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Flying Start
Tim Layden
September 16, 1996
Nebraska took a quick first step toward its avowed goal, a three-peat
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September 16, 1996

Flying Start

Nebraska took a quick first step toward its avowed goal, a three-peat

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The Nebraska machinery cranked along with a familiar hum last Saturday. Memorial Stadium was stuffed and swathed in red, the score was lopsided, and a vague discomfort hung in the late-summer heat, the residue of indiscretions past and present that continue to shadow the Cornhuskers' towering accomplishments. Think of it all as business as usual in the rarefied air that Nebraska breathes, where the Huskers fight their image and chase history all at once.

In the minutes before the kickoff of Nebraska's season-opening 55-14 starching of Michigan State, Cornhuskers coach Tom Osborne urged his players to embrace a possibility—an unprecedented third consecutive national championship—that would customarily send a coach searching for new ways to say, "One game at a time." He stood among the Huskers in their locker room and said, "Not many teams have ever had the opportunity that you have this season. As soon as you forget about that opportunity, you slip back. So let's go get it."

Nebraska players are surrounded by reminders of their back-to-back titles (shirts, posters, stadium banners, bumper stickers), and highlights of their epic 62-24 thrashing of Florida in last January's Fiesta Bowl, which clinched national crown number two, ran incessantly on stadium scoreboards during timeouts in Saturday's game. It's difficult for the Huskers to ignore what's within their grasp. "It's all we talk about around here, and it's all we hear," senior strong safety Mike Minter said after the victory over the Spartans. "Just three-peat. We talk about it every day. Every day."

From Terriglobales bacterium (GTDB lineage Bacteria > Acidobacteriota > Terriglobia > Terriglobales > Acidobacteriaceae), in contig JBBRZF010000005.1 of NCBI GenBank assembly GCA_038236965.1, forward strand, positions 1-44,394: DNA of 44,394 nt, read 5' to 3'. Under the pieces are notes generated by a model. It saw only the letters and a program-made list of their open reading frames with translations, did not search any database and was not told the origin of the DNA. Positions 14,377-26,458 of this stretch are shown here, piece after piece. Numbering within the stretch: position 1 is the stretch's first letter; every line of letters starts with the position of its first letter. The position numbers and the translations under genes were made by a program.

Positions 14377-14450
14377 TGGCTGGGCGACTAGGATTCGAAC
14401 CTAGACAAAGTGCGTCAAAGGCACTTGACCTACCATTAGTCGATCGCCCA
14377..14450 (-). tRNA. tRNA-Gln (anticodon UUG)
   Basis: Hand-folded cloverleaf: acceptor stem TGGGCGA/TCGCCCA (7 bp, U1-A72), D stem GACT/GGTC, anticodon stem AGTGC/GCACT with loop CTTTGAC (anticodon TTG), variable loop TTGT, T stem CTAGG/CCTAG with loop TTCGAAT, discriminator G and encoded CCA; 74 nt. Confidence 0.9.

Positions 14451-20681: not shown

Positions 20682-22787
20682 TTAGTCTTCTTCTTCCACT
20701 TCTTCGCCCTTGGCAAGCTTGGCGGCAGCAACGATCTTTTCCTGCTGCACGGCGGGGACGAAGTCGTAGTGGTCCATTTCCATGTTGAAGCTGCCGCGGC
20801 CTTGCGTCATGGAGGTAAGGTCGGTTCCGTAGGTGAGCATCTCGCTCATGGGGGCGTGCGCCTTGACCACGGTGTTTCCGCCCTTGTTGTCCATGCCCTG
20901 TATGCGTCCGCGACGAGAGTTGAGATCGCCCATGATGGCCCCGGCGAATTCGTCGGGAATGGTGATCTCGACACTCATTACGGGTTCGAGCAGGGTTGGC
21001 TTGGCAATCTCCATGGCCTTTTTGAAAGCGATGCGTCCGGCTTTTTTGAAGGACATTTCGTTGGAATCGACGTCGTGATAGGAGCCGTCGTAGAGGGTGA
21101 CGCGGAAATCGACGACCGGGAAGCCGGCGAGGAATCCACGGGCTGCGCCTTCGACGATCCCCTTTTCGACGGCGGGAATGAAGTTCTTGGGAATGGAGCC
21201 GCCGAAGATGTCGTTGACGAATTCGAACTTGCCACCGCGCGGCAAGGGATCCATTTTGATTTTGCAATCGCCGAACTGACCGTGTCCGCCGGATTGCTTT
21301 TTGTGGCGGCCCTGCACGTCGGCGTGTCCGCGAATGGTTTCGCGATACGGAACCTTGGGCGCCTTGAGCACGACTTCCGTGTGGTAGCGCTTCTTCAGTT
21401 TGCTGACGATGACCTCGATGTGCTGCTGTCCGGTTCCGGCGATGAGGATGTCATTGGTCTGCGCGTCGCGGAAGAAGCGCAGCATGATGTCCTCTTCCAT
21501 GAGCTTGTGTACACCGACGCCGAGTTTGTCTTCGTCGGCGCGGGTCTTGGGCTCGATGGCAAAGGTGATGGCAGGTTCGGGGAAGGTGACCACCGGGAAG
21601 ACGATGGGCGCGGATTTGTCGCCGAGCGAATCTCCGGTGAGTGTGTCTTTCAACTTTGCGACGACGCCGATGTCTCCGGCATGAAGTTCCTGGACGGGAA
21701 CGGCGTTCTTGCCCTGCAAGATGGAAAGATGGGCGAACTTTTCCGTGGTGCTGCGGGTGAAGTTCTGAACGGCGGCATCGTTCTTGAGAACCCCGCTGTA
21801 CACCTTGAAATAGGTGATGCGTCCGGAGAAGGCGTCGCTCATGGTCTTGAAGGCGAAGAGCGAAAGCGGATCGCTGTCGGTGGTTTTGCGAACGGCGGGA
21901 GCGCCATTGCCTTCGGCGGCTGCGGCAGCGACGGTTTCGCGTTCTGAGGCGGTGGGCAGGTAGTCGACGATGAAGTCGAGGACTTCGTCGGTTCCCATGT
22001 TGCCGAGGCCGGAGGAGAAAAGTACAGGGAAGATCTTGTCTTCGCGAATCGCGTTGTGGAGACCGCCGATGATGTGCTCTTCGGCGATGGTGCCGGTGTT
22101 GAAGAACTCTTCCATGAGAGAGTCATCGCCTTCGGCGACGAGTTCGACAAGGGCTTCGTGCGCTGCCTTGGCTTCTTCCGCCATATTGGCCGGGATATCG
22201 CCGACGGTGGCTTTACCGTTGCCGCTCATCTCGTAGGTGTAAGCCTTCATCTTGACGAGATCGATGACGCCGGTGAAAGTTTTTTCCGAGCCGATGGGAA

During the summer THREE-PEAT was even flashed on the stadium scoreboard during voluntary workouts. "We're looking at the season as a staircase," says junior defensive end Grant Wistrom, who intercepted a Michigan State pass and ran it back nine yards for a touchdown. "We keep winning, we keep moving up. At the top is the third national title."

There were many elements of last Saturday's win that showed that number three is certainly attainable. Nebraska's defense forced four turnovers, ran back two interceptions for touchdowns (Wistrom's plus Minter's, from 84 yards out), blocked a punt and limited Michigan State to 83 yards on 49 rushing attempts. "That defense is as good as any I've ever seen," said Spartans coach Nick Saban. Teams looking for hope against the Huskers can take solace in the fact that Michigan State's defense twice forced Nebraska to kick field goals after drives stalled inside the 20, that the Cornhuskers' cornerbacks occasionally seemed vulnerable, allowing sophomore Gus Ornstein to complete 11 of 18 passes for 133 yards, and that quarterback Tommie Frazier and running back Lawrence Phillips are gone.